From palaeoenvironmental data (in particular data concerning available resources and their distribution across the landscape), it is possible to estimate that during the Magdalenian between 50 and 200 people lived in the area that is today Switzerland. Based on the siliceous materials commonly used, we can consider that the territory was divided into five or six small regions, each one occupied by an average of 25 people. These regional groups maintained regular contact with other communities from near and far, and of very diverse geographical origins. This vast communication network probably explains the surprising technological and stylistic unity seen across Europe in certain products, in spite of the very low population density. 

Globalisation on a European scale

In Switzerland, “exotic” materials used for adornments, such as fossil shells and jet, came from diverse locations in all directions, including the Mainz Basin, the Paris Basin and the upper Danube region. A marine shell found in the Kohlerhöhle cave even came from the Mediterranean. The Rhône, Aare, Rhine and Danube rivers were the preferred routes for circulation in this exchange network involving groups that were sometimes several hundreds of kilometres from one another. These links between communities were maintained for social reasons (for example, “marriage”) and in case of possible crises that may arise.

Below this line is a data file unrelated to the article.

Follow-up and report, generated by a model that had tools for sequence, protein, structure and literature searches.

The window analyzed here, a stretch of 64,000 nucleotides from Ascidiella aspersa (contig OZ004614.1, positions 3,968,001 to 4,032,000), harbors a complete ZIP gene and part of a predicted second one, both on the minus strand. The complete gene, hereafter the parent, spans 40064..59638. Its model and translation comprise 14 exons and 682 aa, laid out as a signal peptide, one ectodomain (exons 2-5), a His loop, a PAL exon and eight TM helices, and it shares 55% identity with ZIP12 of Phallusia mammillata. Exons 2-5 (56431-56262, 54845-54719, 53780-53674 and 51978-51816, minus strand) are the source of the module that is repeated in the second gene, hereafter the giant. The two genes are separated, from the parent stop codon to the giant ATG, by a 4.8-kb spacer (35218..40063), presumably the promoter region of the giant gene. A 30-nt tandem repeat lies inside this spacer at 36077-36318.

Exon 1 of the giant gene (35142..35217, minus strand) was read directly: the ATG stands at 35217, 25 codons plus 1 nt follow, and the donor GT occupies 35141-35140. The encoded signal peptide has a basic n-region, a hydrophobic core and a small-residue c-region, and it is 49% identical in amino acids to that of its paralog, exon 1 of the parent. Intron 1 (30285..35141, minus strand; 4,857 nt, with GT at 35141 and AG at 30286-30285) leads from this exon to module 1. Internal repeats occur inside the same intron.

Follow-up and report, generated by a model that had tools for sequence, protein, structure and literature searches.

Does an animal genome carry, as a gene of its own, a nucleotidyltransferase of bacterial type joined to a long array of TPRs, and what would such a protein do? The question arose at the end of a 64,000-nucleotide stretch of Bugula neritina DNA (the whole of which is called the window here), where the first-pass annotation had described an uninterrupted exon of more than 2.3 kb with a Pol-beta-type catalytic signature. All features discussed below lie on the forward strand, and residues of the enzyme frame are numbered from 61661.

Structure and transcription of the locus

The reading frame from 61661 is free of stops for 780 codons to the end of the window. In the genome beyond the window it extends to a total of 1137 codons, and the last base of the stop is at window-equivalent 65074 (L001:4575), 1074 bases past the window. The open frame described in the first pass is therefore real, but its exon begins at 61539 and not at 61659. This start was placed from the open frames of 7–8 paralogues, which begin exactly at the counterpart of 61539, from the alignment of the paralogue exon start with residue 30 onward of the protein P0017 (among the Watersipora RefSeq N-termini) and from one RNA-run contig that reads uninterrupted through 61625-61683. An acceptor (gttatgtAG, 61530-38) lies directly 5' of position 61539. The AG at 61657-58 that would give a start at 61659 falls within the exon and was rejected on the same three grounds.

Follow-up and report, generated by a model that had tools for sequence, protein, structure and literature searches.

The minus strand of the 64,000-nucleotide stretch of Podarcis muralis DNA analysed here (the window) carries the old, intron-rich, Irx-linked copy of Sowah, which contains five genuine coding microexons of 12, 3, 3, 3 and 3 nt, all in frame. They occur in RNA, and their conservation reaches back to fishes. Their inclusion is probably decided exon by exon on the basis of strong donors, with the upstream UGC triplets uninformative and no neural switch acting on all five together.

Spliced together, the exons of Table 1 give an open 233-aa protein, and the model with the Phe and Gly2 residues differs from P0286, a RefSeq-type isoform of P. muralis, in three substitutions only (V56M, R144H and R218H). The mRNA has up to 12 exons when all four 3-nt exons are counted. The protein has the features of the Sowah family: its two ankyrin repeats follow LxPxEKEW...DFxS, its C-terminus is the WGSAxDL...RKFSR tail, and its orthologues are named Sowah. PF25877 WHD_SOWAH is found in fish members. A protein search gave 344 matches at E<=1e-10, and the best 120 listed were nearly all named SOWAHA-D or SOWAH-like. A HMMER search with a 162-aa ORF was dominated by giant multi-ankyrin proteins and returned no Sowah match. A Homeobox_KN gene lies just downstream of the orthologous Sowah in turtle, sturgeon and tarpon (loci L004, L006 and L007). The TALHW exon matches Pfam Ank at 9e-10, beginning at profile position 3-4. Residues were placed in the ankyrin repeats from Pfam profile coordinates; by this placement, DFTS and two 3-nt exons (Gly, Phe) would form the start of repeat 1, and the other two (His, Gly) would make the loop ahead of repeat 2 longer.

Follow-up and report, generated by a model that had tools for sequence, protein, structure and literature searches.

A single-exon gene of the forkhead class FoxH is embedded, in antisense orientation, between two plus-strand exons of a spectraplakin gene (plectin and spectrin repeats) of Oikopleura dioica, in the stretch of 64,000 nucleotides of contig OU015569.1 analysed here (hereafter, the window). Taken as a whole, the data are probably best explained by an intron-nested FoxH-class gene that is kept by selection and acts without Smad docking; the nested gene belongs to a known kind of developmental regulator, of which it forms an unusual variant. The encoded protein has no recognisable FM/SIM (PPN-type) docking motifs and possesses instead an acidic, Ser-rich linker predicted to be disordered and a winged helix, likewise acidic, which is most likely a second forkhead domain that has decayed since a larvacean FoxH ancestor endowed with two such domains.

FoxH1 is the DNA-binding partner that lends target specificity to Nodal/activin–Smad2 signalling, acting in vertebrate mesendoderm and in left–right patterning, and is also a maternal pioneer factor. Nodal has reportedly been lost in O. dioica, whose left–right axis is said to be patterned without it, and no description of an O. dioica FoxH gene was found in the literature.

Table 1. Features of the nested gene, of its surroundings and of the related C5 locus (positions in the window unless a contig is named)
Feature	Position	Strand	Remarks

Based on the geographical distribution of the sites and the varieties of flint used in the different Swiss camps, it appears that the groups mainly travelled along the south side of the Jura and did not cross its Haute-Chaîne mountain range. There is also no indication that they crossed the Alps, still partially covered by glaciers and with unstable slopes.

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